nudity and sexual content: Dances and drunken parties turn into orgies of exhibitionism and public sex. Classic statues of nude women are displayed, but those stone ladies aren’t the only ones who are naked. Bare-breasted women (many of them prostitutes) are seen dancing, being groped and having sex. Completely nude, two women cuddle together on a bed while Cutting watches. In another scene, two nude women drape themselves over Cutting. Amsterdam has sex with Jenny (she isn’t nude, but the depiction of their activity is graphic). Worse, their intercourse is preceded by an angry altercation. Later, Cutting sneaks into their room and watches the two sleeping. When Amsterdam wakes up, Cutting make a vulgar reference about them having had oral sex. A man dressed as a woman lines up with the rest of the ladies at a dance.
violent content: The violence in Gangs of New York is so pervasive and graphic that to itemize it all would be at best nauseating. What struck me throughout the nearly 3-hour film was that nearly every social gathering triggered some sort of brawl or riot. Various police forces fight one another more than they fight crime. Competing fire departments battle each other while untended buildings blaze beside them. Dances turn into dirges as dead bodies pile up. Politicians make public speeches, and if someone doesn’t like what they have to say, they murder them in the doorways of their own homes. Blood flows thick on the cobblestone streets as flesh is pummeled with axes, spears, knives, clubs, bullets and bricks. Dozens of scenes include gore. One, so extreme I’m compelled to mention it only in the broadest strokes, shows The Butcher ripping a man’s intestines from his belly and dumping them on the floor. Arms are severed. Bones broken. Throats slit. Skulls split. Chests impaled. Cannon fire decimates buildings, kills hundreds of people and sets large sections of the city on fire (the billowing smoke that covers Manhattan sends shivers up and down your spine). Four men are executed in a public hanging. More than once, a knife that is plunged into a man’s gut is twisted and turned to cause as much damage as possible. A dead man is hung on a makeshift cross for passersby to see. Amsterdam’s face is branded with a red-hot knife blade.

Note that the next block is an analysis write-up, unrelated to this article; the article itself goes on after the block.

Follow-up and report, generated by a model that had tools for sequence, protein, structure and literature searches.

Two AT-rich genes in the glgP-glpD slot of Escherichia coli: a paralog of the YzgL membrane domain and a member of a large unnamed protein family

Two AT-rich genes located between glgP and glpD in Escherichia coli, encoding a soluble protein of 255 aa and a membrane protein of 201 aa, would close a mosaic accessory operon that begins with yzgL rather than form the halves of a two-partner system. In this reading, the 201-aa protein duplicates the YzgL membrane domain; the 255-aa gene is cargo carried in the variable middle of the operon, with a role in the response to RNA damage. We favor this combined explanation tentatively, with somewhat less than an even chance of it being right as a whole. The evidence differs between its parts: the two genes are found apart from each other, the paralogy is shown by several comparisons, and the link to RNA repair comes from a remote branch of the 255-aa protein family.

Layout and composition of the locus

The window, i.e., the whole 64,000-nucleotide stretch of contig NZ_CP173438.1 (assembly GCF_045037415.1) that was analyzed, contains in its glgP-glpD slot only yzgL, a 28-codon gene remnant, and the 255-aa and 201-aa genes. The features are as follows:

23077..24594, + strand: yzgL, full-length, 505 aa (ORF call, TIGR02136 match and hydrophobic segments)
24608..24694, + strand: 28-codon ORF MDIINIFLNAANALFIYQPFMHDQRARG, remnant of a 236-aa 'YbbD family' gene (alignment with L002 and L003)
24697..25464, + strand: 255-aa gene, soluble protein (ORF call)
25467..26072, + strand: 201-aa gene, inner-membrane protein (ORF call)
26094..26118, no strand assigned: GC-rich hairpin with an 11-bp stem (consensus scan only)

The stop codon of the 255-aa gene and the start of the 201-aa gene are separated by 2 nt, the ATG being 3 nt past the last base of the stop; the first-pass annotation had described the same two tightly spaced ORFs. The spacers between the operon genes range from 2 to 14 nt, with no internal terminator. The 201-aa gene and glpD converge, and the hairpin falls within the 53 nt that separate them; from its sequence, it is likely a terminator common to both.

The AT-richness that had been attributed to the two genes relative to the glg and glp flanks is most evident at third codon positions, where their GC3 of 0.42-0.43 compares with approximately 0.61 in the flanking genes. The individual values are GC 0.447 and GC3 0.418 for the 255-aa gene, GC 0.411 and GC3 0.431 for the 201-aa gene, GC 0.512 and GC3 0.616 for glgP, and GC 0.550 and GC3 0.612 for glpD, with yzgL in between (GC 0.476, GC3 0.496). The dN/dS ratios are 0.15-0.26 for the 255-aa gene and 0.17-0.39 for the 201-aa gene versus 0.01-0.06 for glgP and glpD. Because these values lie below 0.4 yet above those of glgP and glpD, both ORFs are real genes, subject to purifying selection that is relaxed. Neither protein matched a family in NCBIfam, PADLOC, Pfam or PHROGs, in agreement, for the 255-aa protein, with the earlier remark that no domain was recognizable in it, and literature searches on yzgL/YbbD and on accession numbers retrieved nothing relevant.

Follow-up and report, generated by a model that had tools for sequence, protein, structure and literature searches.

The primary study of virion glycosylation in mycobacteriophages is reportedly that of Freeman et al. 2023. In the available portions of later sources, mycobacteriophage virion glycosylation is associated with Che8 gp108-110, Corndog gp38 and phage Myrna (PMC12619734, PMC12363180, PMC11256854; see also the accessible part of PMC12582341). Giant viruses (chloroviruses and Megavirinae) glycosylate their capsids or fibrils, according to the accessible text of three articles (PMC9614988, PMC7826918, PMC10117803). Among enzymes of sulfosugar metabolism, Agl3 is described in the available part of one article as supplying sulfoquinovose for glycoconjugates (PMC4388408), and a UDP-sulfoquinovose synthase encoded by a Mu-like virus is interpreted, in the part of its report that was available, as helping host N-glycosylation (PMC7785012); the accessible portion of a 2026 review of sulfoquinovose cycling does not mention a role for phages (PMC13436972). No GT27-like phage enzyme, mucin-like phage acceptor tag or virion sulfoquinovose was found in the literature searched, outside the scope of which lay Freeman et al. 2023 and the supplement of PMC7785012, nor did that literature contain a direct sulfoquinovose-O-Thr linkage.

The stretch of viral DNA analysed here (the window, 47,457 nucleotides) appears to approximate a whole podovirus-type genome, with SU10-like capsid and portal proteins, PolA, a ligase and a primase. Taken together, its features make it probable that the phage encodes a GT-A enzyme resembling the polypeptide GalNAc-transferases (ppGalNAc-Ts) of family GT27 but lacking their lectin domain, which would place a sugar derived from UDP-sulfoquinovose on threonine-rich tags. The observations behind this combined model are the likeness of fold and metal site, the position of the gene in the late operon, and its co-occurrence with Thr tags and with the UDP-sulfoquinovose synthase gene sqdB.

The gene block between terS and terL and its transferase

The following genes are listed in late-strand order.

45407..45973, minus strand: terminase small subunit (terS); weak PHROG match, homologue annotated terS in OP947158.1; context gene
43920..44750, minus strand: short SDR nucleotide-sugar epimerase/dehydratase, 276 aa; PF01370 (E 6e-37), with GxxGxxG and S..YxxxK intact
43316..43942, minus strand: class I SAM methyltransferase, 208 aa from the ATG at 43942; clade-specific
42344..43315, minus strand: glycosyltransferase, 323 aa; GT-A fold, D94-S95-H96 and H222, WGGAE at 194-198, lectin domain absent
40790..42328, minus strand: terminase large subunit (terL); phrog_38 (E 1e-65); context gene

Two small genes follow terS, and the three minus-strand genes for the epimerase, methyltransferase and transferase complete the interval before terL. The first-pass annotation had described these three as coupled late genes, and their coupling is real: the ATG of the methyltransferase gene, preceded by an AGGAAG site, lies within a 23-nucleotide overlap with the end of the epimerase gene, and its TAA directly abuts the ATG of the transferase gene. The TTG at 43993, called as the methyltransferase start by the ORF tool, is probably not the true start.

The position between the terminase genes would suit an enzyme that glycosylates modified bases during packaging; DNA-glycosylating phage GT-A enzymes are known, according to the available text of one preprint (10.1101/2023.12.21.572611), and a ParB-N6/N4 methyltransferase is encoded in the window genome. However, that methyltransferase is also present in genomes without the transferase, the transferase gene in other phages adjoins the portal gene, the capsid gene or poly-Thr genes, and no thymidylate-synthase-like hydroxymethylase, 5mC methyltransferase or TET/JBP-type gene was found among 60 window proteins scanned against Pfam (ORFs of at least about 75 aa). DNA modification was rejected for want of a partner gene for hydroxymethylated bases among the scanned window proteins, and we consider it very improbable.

crude or profane language: Six f-words (one of them used to reference sex) and one s-word. A dozen milder profanities are all but drowned out in the din, but the same number of profane uses of the Lord’s name stand out starkly (seven or eight times, characters abuse the names "Jesus" and "Christ").
drug and alcohol content: Drinking is common. Several scenes are shot in pubs and at wild parties. Amsterdam and others in Cutting’s gang smoke an unnamed drug from a long pipe. Amsterdam and Cutting smoke cigars and pipes. Others smoke cigarettes.
other negative elements: Men wager on everything from brutal boxing matches to animal fights. When Vallon is about to die, he holds his young son’s head in his hands and forces him to watch as Cutting turns the knife in his gut. One of the men who is hanged calls out to his watching son and entreats him to watch. Both of these scenes are used to communicate an intense commitment to avenging loved one’s deaths, a mission Amsterdam devotes his life to. In contrast, God tells us that vengeance is His, and that we are to trust Him with our lives and with our death (Romans 12:19). Racism rears its ugly head repeatedly in the film. Epithets are hurled against Blacks, Chinese and other immigrants. Such sentiments and the cruel behavior it inspires aren’t condoned in the story; neither are they condemned. They just are. Politicians set a disturbing example, clinging to popularity and power rather than truth and ethics. "The appearance of the law must be upheld," declares one such man of considerable sway, "especially while it is being broken." Citizens are forced to vote (sometimes more than once, and at the point of a knife) for the candidate with the most devoted henchmen.